- Average Cost – This is commonly used for businesses that sell many of the same items because it can smooth out any discrepancies in a FIFO or LIFO method. For this reason, it is thought to be more accurate.
Let’s look at what their COGS would be using different methods. A business buys 50 items at an $8 cost in January. In that month, they sell 40 items and buy 40 more of the same item for $10 in February.
FIFO – the business would sell all of the 50 items at the $8 before changing the valuation to the higher acquisition price.
50 x $8 = 400
40 x $10 = 400
Total Cost = $800
LIFO – the business, upon receiving the new (higher cost) order will immediately change the valuation to the higher acquisition price.
40 x $8 = 320
50 x $10 = 500
Total Cost = $820
Average Cost – the business would sell the merchandise at their respective acquisition price and average the cost.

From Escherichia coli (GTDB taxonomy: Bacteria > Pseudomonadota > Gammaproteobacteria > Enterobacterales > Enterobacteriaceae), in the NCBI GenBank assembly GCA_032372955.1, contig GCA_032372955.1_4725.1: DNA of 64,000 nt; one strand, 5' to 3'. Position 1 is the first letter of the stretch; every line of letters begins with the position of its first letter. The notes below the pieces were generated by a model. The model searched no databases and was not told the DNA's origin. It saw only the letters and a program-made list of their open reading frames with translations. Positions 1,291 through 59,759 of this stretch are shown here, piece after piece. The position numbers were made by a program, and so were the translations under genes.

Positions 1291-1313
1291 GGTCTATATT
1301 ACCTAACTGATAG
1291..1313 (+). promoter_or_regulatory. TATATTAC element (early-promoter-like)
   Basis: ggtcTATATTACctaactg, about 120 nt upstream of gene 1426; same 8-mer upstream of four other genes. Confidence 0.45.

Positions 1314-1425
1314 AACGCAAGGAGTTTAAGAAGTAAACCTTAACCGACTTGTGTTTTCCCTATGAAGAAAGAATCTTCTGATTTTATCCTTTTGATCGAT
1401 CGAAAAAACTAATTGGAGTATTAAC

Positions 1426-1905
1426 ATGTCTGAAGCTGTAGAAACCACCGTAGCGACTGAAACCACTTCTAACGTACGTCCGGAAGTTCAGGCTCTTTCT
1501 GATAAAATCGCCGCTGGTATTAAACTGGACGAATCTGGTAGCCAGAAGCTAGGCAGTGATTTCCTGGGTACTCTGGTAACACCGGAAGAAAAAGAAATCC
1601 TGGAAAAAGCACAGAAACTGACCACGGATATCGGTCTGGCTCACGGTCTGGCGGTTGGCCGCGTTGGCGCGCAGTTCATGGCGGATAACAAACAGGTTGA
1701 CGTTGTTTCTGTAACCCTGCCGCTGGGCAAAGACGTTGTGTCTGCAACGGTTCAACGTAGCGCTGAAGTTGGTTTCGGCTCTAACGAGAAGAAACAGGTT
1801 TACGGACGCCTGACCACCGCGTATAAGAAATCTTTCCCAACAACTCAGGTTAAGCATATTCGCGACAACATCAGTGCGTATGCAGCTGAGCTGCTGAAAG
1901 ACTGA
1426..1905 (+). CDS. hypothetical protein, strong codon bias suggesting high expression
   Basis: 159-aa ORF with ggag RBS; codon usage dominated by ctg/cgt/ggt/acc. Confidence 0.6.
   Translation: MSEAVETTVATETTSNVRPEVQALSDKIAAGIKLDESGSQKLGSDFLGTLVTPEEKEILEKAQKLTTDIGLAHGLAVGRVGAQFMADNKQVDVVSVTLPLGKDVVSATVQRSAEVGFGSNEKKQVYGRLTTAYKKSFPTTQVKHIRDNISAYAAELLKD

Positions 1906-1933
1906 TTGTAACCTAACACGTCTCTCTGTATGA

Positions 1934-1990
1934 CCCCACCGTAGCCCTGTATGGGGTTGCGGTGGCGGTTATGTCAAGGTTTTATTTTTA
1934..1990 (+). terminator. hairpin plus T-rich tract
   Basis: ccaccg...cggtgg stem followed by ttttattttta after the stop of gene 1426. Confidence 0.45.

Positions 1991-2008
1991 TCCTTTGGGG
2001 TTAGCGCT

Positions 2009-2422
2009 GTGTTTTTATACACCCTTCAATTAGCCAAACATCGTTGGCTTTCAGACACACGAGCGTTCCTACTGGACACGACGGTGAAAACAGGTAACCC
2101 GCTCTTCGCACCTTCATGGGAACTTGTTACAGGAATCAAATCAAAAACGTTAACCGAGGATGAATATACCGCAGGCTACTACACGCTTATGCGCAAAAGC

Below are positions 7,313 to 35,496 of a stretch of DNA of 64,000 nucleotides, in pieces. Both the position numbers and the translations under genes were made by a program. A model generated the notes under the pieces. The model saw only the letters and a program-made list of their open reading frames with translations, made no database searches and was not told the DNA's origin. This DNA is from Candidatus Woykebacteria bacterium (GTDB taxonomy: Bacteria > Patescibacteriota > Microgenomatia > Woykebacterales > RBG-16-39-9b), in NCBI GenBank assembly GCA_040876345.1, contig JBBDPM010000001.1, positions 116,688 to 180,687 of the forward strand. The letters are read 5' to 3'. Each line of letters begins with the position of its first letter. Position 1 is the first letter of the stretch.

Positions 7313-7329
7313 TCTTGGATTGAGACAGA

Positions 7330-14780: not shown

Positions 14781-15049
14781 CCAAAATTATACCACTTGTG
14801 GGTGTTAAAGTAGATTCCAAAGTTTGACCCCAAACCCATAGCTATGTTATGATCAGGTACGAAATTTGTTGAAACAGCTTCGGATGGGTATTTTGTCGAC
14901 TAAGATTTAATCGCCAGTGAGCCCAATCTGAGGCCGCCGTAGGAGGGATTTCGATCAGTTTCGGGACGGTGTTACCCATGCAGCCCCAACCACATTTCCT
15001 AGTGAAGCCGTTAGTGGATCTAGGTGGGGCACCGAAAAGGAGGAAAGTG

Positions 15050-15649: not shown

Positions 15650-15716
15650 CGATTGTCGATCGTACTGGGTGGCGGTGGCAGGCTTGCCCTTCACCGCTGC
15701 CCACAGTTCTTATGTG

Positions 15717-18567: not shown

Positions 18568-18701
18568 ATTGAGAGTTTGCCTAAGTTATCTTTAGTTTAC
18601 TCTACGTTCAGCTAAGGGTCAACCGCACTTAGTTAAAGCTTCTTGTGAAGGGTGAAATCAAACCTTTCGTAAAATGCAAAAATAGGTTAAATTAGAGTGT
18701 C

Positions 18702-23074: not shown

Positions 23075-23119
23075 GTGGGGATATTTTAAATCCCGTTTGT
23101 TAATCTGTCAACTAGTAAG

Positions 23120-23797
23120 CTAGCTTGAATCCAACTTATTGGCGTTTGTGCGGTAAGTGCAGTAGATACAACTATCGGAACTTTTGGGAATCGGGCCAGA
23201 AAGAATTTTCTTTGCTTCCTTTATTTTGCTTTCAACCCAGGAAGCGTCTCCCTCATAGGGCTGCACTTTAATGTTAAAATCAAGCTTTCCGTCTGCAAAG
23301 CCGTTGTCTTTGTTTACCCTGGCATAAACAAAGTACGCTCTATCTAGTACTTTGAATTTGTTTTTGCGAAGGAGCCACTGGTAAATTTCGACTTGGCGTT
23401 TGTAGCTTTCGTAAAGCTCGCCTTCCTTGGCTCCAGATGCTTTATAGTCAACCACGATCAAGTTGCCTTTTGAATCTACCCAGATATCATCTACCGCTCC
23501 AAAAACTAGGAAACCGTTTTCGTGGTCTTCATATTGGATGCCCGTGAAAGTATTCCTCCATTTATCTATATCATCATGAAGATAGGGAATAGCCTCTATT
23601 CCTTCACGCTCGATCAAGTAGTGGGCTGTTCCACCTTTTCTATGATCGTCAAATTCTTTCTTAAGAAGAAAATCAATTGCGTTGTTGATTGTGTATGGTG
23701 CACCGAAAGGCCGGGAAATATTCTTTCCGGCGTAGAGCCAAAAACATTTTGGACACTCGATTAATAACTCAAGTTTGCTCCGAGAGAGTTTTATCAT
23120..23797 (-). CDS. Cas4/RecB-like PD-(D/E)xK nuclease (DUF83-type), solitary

50 x 8 = 400
40 x 10 = 400
90 at a total cost of 800 for an average cost of $8.88
If a business were to completely sell out of their inventory, there would presumably not be much difference (if any) if they used a FIFO or Average Cost method of valuation. However, since 100% inventory turnover is not a real-world scenario, you can see how the valuation could be different. It's also important to note that a business must commit to using one valuation method.
The final word on cost of goods sold
Understanding how a business calculates the cost of goods sold (COGS) and what it means to the profitability of their company is important for every investor to understand. COGS is essential to calculating the gross profit and net profit of a business. It's also important to see if a company's pricing strategy is effective.